Natural Gas & Pipeline Infrastructure: Impacts of the Clean Power Plan

Posted by Content Coordinator on Friday, September 4th, 2015


Executive Summary

The Environmental Protection Agency’s proposed Clean Power Plan (CPP) establishes state-by-state carbon emissions rate targets that it projects will reduce U.S. electricity sector carbon emissions 30% below 2005 levels by 2030. Some stakeholders, including the North American Electric Reliability Corp. (NERC), have raised concerns that states might rely heavily on natural gas generation for CPP compliance, creating stress on gas pipeline capacity and ultimately affecting electric system reliability. While it is likely that states will pursue a diverse portfolio of emission reductions, examining the infrastructure implications of gas use scenarios helps with risk management.

The AEE Institute contracted with ICF International to perform an assessment of the potential impacts of the CPP on required gas pipeline capacity. AEE Institute specified three scenarios in the U.S. electricity and natural gas markets for ICF to analyze. The Reference Case is a business-as-usual future without the CPP.1 The basic CPP Case assumes each state will reach its rate-based emissions target as proposed in the CPP by 2030 with resources competing in the model to provide the necessary emission reductions.2 The Low Gas Price CPP Case considers the same emissions targets and approach as in the CPP Case, but assumes natural gas prices are approximately 20% lower than expected, leading to increased gas consumption.

No Significant Increase in Pipeline Needs under CPP, Even With Low Gas Prices

Figure 1 (next page) shows the modeling results for the net incremental gas demand contribution of the CPP and Low Gas Price CPP Cases compared to the Reference Case.3 Under the Reference Case, natural gas demand continues to grow through 2030. Under the CPP Case, there is a temporary increase in natural gas demand above the Reference Case due to the incremental shift from coal to gas. Incremental demand then declines over time as additional renewable energy and demand-side resources come online. Since this incremental demand is small, even if coal to gas switching becomes a more prominent compliance mechanism, as under the low future gas prices scenario, this modeling shows that it would not cause a significant increase in new pipeline requirements. There is, however, regional variation among these results: Changes in gas consumption and infrastructure are concentrated in the Northeast, but could be greater in the South and Midwest if gas prices are lower.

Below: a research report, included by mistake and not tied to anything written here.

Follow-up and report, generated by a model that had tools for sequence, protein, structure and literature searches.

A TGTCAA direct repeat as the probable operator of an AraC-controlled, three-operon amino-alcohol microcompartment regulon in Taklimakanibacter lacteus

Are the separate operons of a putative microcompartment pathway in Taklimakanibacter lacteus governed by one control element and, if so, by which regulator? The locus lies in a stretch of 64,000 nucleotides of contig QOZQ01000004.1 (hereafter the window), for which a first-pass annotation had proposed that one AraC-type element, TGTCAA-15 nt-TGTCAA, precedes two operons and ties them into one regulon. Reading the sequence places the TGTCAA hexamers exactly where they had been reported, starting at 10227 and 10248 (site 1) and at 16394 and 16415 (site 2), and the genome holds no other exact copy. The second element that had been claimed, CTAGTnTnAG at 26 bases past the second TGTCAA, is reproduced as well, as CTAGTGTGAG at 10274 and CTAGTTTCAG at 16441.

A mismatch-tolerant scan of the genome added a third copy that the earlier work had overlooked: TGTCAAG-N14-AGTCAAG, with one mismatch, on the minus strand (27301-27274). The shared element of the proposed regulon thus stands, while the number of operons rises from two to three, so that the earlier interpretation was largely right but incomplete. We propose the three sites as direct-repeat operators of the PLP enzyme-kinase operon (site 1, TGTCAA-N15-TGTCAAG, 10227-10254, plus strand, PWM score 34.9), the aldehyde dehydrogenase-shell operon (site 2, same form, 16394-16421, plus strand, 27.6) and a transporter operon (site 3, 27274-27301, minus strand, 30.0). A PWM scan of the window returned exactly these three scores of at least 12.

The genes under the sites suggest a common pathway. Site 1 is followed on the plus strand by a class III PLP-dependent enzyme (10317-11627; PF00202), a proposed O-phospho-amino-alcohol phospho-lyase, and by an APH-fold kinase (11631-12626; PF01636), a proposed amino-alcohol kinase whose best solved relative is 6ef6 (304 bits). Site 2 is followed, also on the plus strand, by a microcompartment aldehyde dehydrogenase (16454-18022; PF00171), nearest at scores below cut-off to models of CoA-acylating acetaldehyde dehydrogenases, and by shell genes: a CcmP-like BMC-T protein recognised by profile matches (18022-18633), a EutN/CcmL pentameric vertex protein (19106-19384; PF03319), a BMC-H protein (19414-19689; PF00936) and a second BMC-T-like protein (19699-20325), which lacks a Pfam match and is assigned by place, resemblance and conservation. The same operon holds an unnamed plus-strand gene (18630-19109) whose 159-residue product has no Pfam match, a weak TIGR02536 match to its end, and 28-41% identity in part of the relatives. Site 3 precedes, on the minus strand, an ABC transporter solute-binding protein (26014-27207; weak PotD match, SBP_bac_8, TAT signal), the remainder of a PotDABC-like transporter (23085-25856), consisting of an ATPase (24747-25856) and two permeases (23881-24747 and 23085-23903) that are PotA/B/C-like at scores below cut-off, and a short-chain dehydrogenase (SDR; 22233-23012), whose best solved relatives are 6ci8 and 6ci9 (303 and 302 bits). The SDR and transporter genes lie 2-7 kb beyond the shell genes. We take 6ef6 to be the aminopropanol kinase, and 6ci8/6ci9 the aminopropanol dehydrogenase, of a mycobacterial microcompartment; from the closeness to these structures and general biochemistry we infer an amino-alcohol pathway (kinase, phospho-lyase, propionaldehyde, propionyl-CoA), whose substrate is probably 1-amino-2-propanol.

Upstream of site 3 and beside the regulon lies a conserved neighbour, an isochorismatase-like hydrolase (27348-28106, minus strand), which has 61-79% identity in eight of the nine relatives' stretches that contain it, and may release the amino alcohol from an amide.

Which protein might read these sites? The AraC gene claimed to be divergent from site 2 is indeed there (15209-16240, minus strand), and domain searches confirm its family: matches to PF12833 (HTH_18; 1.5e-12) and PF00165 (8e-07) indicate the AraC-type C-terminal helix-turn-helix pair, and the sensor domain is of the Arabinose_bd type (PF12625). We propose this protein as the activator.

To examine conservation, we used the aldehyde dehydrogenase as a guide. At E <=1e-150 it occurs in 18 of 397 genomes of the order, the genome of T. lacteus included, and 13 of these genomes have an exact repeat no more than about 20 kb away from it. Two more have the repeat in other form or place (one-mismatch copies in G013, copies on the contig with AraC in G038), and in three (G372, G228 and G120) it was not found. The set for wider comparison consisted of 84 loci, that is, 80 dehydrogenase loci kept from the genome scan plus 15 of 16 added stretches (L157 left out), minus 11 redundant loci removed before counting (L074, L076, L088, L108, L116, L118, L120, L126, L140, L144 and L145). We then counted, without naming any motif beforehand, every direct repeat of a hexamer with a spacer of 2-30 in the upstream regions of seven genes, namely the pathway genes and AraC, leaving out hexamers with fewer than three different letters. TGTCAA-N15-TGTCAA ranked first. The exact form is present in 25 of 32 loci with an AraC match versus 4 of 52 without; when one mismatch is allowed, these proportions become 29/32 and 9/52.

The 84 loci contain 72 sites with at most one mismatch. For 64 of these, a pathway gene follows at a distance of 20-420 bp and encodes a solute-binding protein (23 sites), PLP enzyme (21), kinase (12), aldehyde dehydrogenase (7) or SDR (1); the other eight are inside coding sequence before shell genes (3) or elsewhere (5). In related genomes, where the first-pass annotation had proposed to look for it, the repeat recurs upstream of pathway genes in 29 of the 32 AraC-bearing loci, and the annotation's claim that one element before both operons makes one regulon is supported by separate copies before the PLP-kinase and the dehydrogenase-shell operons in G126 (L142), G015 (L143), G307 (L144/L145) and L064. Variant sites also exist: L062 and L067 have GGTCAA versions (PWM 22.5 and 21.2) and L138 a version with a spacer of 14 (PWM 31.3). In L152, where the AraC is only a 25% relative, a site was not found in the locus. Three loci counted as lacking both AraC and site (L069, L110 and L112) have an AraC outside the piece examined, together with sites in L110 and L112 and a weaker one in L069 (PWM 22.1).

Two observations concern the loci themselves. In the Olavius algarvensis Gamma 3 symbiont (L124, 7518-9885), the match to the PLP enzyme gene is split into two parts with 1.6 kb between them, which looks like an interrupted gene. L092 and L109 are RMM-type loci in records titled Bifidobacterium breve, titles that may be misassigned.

Consistent with some prior studies from EPA4 and DOE, 5 this report finds that ongoing changes in the U.S. natural gas market independent of the CPP are driving increases in pipeline gas infrastructure, prompted by dramatic growth in new gas supplies from areas like the Marcellus and Utica shales. This report further finds that compliance with the CPP, even under an unlikely “stress test” scenario of unexpectedly high gas usage, would only modestly increase the gas infrastructure needs, in the range of 3% to 7%.